Similarly, Sofa Borrego Alonso of the Archivo Nacional de la Repblica de Cuba, says using costly chemical biocides to combat infestations of microorganisms and insects, the principal agents of biodeterioration of cultural documents, not only harms the people that apply them, they accelerate the materials' deterioration.
She will advocate the use of natural, plant-derived products successfully tested in Cuba's National Archives.
Spanish researcher Nieves Valentin Rodrigo of the Instituto de Patrimonio Cultural de Espaa, Madrid, takes the idea a step further, promoting the use of micro-organisms as biosensors to forewarn curators of potential risks to art objects from such threats as pollution and dust levels. She says fungi and bacteria can be harnessed to warn of significant environmental fluctuations and the impact of too many visitors.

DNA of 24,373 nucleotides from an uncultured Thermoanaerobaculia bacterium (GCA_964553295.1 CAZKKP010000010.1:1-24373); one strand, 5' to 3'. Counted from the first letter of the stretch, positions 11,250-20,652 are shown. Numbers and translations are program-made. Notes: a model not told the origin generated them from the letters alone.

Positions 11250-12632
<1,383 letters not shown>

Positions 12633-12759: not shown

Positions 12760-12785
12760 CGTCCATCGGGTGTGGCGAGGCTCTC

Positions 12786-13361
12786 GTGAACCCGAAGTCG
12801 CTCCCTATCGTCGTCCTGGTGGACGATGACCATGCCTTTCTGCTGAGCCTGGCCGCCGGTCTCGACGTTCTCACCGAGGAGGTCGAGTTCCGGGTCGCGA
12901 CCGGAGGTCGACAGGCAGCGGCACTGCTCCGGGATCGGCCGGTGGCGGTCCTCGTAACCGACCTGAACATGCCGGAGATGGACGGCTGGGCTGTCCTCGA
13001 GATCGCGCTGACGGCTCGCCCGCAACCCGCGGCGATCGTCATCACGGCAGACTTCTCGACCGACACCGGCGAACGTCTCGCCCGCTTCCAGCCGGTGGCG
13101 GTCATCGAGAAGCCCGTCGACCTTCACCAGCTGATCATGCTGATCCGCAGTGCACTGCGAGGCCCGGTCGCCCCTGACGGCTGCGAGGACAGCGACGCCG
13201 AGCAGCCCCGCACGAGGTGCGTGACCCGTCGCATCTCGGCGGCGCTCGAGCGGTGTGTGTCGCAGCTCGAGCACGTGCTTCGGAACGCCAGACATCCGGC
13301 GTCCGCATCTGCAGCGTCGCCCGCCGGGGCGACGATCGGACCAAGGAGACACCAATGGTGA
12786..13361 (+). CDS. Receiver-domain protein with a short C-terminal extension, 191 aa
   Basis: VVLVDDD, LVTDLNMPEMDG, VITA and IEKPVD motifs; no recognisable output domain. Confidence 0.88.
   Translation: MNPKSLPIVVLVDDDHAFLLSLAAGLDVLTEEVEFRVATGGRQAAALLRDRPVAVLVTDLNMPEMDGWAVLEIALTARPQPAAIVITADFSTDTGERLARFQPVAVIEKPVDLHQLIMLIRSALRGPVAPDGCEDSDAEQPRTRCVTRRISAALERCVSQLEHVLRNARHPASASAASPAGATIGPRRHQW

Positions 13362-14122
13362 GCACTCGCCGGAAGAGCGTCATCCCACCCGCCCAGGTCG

According to Dr. Ramirez, curators in many developing countries, regardless of the type of collection they steward, all ask similar questions:
In addition to biotechnologies, experts will revisit ancient ideas such as the Japanese technique of preserving frail items within multiple boxes. And they will highlight the potential use of Styrofoam packaging to economically protect items from rising heat, humidity and other environmental hazards.
Information to be shared includes how temperature, relative humidity, and dew point risk or benefit collections, the new technologies available to measure and analyze museum environment data, how to manage environments with minimal or no mechanical equipment and non-toxic, non-destr
|Contact: Terry Collins|
United Nations University